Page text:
Another way to prevent your pigs from fighting and getting aggressive is to observe them vigilantly in the beginning and see whether they get along or not.

Guinea pigs are animals that need companionship, but like any other pairing, the match can be a bad one, too.

So make sure to observe your pets and see how they react to changes.


Guinea pigs can kill one another in very rare cases.

They can definitely wound one another when they fight over the usual things like mating, territory, food, and resources, but animals are dynamic beings, and anything can trigger a fight.

However, you need not worry about your guinea pigs fighting – it is a very rare instance when they do.

Guinea pigs are evolutionarily programmed to exist in pairs so usually they’re scared of a new cage mate rather than being hostile towards it.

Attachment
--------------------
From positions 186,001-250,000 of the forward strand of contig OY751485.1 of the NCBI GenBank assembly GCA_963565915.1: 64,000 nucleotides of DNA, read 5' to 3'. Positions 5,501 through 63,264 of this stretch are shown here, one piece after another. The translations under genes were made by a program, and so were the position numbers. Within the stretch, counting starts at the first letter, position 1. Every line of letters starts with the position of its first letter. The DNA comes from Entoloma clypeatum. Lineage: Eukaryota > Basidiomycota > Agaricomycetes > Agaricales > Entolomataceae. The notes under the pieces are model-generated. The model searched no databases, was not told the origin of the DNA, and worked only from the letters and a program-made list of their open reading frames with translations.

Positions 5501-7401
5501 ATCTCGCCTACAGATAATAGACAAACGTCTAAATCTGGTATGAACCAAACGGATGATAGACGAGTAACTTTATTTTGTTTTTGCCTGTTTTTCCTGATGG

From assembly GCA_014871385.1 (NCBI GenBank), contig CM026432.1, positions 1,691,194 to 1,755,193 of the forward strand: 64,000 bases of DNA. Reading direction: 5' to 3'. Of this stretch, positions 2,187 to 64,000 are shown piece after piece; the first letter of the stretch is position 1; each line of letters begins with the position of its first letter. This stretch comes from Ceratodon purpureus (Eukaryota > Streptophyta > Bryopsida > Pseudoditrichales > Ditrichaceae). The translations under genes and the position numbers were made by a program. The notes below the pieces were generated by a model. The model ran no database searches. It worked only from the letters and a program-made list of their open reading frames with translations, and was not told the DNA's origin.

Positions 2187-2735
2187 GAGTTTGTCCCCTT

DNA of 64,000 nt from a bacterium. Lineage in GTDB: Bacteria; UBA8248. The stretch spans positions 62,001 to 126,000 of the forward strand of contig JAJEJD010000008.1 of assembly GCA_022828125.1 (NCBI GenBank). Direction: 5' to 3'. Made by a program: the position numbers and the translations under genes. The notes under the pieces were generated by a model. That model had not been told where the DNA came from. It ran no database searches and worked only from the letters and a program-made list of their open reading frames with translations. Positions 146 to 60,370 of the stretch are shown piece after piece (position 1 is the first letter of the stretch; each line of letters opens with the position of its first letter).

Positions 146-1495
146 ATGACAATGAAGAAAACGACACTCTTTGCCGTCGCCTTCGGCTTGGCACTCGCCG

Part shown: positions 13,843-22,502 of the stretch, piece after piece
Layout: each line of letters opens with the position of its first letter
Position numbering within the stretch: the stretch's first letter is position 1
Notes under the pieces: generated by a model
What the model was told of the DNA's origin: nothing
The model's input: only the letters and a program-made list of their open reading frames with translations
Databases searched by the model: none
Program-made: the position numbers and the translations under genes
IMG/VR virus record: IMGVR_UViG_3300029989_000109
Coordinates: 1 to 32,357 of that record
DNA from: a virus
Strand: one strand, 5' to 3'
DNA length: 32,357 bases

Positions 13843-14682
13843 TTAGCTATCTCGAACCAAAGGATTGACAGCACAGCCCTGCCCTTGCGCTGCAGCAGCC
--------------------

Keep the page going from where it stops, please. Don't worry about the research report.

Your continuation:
But also be wise with your decisions – if your pet has never liked the company of another cage mate, don’t make the decision to introduce another cage mate to the same guinea pig!

If you do observe your guinea pigs having random scratches and bleeding snouts, it’s best to separate them because they don’t get along.

You can also ask your vet for advice and definitely get veterinary help for the wounds.

Other than that, guinea pigs are super sweet animals to keep.

Many owners have actually trained their pets to be little cuddle buddies and exist outside the cage, which means they’re very adaptable and intelligent creatures!

So as long as the hutch or cage has enough space, tons of water, a lot of hay and other chewable and ample food, your guinea pigs shouldn’t get into a fight at all!